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'Street hustler' receives prison time for firearms violation

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HAMMOND — A Gary man with a reputation of being a well-armed “street hustler” is going to prison.

U.S. District Court Judge Judge Philip P. Simon imposed a 92-month prison term Thursday afternoon on 34-year-old Schickell Best.

Best pleaded guilty this summer to illegally possessing a .38-caliber Rohm revolver on an eventful day, April 21, 2020, when prosecutors allege he also stole "drug-buy" money from federal agents and — when arrested — was in possession of two bags of crack cocaine in addition to the revolver.

Best has been prohibited from carrying a firearm because he has twice been convicted of felonies — battery on a police officer and illegally carrying a firearm nine years earlier.

Until last June, Best had been facing no less than seven felony counts carrying penalties with a combined penalty of over 60 years in prison.

Best struck a deal with prosecutors in June and gave up his right to make the government prove all of the charges against him in return for his guilty plea to one firearm violation and dismissal of the remaining six counts.

Riding Shotgun/DNR Conservation Officer Tyler Brock

Defense attorney Paul C. Stracci, who represents Best and was arguing for a sentence of no more than 70 months, conceded in a memo to the court last week that “Best is a street-level hustler who dealt in small quantities of illicit drugs."

Stracci continued: “Mr. Best understands the Court will be concerned that he carried a firearm on multiple occasions as a convicted felon, and that as soon as police seized a firearm, another one appeared."

Stracci argued Best looked upon guns as necessary for personal protection because he grew up with an absent, cocaine-addicted father and in a neighborhood terrorized by street gangs and gun violence.

Stracci said Best’s early contacts with police were usually negative. Authorities imprisoned one of Best’s brothers for drug dealing.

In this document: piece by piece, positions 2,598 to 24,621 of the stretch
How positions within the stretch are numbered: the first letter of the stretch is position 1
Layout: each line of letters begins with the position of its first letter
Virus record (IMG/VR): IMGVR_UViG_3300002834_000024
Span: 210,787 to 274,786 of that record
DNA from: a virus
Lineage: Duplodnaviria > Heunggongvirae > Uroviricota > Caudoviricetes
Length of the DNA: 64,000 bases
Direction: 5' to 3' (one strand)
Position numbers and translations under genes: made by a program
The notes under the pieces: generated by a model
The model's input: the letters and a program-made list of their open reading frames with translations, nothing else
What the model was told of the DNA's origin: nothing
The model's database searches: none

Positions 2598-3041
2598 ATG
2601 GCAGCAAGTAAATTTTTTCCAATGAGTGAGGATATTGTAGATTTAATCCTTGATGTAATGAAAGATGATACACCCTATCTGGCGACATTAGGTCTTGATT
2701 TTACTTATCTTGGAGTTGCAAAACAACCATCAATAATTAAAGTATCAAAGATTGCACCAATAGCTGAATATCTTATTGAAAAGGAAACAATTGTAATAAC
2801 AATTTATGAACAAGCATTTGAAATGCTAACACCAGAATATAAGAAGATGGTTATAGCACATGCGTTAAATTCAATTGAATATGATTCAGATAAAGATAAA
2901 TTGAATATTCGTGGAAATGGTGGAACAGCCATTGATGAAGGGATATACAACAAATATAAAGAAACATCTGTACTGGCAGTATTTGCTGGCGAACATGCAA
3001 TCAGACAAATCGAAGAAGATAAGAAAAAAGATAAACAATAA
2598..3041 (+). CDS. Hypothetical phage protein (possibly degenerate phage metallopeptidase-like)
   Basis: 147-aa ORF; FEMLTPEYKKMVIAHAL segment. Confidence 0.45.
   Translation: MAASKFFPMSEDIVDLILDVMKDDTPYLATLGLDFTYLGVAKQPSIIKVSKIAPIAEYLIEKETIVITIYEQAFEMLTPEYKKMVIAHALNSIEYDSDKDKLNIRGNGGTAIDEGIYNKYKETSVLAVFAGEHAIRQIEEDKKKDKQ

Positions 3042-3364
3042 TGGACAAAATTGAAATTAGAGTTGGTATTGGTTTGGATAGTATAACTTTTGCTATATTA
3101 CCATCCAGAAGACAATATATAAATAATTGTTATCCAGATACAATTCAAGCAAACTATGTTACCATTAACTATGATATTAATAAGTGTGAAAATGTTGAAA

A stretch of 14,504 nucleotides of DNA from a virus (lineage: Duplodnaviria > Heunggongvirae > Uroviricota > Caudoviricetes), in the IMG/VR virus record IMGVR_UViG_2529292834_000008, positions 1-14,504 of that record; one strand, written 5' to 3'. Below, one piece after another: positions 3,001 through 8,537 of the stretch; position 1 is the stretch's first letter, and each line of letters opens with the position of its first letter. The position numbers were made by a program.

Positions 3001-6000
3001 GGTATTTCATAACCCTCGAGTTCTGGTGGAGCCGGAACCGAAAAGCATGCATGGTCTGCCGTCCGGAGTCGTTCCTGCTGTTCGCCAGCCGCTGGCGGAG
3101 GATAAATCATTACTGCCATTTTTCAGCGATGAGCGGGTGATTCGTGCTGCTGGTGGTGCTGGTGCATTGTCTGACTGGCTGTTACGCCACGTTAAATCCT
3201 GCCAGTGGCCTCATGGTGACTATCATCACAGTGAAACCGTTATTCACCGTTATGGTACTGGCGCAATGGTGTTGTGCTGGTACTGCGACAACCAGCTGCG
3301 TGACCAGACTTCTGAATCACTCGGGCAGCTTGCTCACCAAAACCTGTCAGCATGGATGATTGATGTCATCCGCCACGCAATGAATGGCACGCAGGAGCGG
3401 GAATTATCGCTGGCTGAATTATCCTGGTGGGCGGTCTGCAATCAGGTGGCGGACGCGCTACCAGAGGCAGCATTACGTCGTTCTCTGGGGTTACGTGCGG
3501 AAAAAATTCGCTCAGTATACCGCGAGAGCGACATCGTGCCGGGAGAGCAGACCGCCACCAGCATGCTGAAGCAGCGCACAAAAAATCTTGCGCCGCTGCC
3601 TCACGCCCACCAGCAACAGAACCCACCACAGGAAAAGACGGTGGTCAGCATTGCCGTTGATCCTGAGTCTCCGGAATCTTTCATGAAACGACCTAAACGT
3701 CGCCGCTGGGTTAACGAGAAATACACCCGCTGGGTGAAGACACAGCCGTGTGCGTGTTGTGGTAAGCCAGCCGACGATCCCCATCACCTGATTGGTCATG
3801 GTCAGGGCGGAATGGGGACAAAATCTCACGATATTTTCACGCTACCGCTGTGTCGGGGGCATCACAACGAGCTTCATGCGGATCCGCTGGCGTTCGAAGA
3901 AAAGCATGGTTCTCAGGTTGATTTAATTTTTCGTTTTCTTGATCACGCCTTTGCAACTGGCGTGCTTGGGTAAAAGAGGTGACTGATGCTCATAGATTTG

Officers also mistakenly arrested Best over a school fight in which he was wrongly accused of taking part, Stracci said. The attorney said that although the victim tried to exonerate Best, “he had already been handcuffed and carted away in front of all his classmates. The charges were ultimately dismissed, but the damage was done.”

Assistant United States Attorney Caitlin Padula argued in her memo to the court that Best deserved at least 110 months in prison because his adult life amounted to a series of prior convictions for firearms violations, illicit drug possession and battery on law enforcement.

She said Best has been arrested 15 other times, as well, for similar crimes.

She said that includes a dangerous May 26, 2020, encounter with Merrillville officers who stopped Best for speeding through a red light in Merrillville.

She said Best refused to stop his car for a half mile after an officer activated his emergency lights, then was reluctant to get out of his car when the arresting officer smelled marijuana smoke in the vehicle.

An officer Tased Best for arguing and attempting to get back in his car. Police said the electroshock irritated but didn’t incapacitate Best, who simply pulled the Taser prongs out of his chest and squared up into a fighting stance.

Officers then Tased him twice again and still had to wrestle him to the ground and handcuff him to finally end the struggle.

Police then searched his car and found a jar of marijuana and an inoperable handgun inside.


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